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Care of the patient with bladder cancer

doi: 10.1097/01.NME.0000453494.24094.08
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INSTRUCTIONS Care of the patient with bladder cancer

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Care of the patient with bladder cancer

GENERAL PURPOSE: To provide information about bladder cancer and its treatment. LEARNING OBJECTIVES: After reading the article and taking this test, you'll be able to: 1. Describe the types, causes, symptoms, and diagnosis of bladder cancer. 2. Identify treatments and nursing care of the patient with bladder cancer. 3. Compare the types of urinary diversions for bladder cancer and their nursing care.

  1. Which is the most common type of bladder cancer?
    1. adenocarcinoma
    2. squamous cell carcinoma
    3. transitional cell carcinoma
  2. The chief cause of bladder cancer is
    1. tobacco use.
    2. recurrent kidney infections.
    3. occupational exposure.
  3. The most common symptom of bladder cancer is
    1. abdominal pain.
    2. weight loss.
    3. painless hematuria.
  4. The gold standard diagnostic test for bladder cancer is a/an
    1. cystoscopy.
    2. MRI.
    3. I.urography.
  5. In stage III bladder cancer, the cancer
    1. is confined to the connective tissue and inner lining.
    2. has spread beyond muscle toward the reproductive organs.
    3. has spread to the abdomen and lymph nodes.
  6. BCG is used in bladder cancer to
    1. prevent metastasis.
    2. boost the patient's immune system.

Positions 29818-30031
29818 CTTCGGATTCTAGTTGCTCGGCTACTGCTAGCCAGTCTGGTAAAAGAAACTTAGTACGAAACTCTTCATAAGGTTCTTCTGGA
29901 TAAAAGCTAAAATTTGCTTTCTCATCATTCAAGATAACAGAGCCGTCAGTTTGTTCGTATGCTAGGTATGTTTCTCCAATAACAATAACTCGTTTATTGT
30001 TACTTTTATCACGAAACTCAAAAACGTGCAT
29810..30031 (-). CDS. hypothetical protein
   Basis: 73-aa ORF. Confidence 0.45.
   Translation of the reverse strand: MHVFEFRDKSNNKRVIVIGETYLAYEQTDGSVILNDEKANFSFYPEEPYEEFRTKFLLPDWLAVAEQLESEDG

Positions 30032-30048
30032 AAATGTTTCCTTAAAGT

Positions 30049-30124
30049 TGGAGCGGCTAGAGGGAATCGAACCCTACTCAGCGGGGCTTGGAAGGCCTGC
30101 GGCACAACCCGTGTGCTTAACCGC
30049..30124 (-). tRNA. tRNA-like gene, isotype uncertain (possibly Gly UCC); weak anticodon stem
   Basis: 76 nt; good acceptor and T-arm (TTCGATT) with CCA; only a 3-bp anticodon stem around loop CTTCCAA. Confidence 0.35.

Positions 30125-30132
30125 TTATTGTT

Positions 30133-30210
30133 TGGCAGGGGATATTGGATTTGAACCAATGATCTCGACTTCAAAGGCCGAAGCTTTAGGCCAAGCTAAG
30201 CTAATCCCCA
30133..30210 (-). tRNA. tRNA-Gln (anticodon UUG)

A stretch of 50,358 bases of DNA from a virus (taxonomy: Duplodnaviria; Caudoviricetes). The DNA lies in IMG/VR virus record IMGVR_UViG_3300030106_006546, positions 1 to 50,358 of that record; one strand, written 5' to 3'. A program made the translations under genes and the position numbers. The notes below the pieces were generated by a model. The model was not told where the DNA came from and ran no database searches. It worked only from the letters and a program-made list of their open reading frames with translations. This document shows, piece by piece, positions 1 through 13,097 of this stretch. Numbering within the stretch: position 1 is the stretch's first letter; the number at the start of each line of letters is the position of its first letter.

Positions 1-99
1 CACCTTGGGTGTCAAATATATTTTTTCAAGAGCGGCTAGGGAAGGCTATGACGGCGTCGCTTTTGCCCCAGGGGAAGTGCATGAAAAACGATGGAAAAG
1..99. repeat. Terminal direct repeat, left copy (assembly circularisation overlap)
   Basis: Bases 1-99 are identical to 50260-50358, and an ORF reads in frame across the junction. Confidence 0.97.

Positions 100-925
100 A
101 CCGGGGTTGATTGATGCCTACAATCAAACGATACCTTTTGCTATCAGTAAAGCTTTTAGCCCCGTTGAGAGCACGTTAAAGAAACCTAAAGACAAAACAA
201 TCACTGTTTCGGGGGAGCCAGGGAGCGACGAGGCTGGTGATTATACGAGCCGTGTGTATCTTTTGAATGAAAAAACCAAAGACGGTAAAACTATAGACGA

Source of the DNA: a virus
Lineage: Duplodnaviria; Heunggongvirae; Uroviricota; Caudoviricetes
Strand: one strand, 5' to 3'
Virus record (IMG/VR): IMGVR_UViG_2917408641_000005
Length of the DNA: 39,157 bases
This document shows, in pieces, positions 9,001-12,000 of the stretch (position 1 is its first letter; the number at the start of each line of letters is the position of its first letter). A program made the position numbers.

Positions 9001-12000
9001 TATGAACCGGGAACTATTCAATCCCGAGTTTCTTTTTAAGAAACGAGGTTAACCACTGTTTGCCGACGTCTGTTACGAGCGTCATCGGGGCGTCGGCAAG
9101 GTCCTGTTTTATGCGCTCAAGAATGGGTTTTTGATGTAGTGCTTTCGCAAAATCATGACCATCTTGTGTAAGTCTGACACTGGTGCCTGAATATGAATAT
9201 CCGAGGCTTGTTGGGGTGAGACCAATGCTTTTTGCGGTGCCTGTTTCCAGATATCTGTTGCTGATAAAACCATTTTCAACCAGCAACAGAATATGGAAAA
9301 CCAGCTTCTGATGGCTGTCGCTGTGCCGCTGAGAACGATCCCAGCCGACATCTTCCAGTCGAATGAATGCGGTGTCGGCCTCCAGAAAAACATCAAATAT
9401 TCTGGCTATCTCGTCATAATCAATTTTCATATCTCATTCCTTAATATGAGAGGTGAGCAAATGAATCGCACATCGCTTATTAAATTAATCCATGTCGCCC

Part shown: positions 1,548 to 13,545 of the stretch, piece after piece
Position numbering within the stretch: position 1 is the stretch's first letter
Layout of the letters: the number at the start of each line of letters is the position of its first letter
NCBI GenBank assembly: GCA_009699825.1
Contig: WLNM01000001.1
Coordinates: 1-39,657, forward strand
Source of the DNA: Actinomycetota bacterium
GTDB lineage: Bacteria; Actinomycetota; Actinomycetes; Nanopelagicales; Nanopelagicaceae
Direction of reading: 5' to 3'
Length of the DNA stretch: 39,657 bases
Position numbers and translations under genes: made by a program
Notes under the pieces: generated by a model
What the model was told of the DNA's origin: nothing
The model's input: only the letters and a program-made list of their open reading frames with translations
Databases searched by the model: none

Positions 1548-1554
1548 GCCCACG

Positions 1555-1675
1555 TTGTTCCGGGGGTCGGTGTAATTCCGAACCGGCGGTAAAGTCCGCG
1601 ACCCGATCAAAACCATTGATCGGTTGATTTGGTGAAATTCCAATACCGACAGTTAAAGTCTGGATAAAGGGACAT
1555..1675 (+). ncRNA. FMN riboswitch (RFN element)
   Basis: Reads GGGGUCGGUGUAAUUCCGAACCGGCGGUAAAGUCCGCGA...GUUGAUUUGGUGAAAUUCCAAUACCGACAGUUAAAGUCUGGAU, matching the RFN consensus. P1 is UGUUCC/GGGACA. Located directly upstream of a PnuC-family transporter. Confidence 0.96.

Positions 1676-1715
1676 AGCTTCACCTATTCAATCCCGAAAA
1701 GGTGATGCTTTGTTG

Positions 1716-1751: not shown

3. prepare the patient for chemotherapy.
  7. BCG is administered
    1. via a catheter into the bladder for a dwell time of 2 hours.
    2. I.over 2 hours.
    3. by bladder irrigation for 12 hours.
  8. Following administration of BCG, the patient should
    1. remain N.P.for 4 hours.
    2. be fluid restricted for 12 hours.
    3. void and then drink fluids.
  9. Typically, BCG treatments are provided
    1. once a week for about 3 weeks.
    2. daily for about 3 weeks.
    3. three times a day for 1 week.
  10. Typically, neutropenic precautions are initiated when the WBC count falls below
    1. 2,000/mm3.
    2. 2,500/mm3.
    3. 3,500/mm3.
  11. A partial cystectomy involves
    1. using a tool through the urethra to burn away cancer cells.
    2. removal of the diseased portion of the bladder.
    3. removal of the entire bladder.
  12. Which urinary diversion uses intestine as a conduit for urine to flow through a stoma?
    1. continent urinary diversion
    2. ileal conduit
    3. neobladder
  13. After ileal loop surgery, nursing care should include
    1. checking the stoma at least every 4 hours for the first 48 hours.
    2. using a smaller drainage bag at night for sleeping comfort.
    3. creating a pouch opening 1 inch larger than the stoma.
  14. Which assessment finding is considered an emergency and needs to be reported to the surgeon?
    1. moist stoma
    2. dusky-colored stoma
    3. odor at the stoma
  15. Following surgery, dehiscence of the wound is most likely to occur
    1. within 36 hours.
    2. between 36 and 72 hours.
    3. between 5 and 10 days.
  16. Which is the most common challenge for patients with a neobladder?
    1. learning self-catheterization techniques
    2. controlling incontinence
    3. proper fitting of a pouch
  17. The Kock pouch
    1. is optimized by performing Kegel exercises.
    2. uses intestine to form an internal pouch connected to the urethra.
    3. must be drained using a catheter.
  18. Teach patients who must self-catheterize to
    1. use a nonwater-soluble lubricant on the catheter.
    2. advance the catheter about 6 inches.
    3. use sterile technique.
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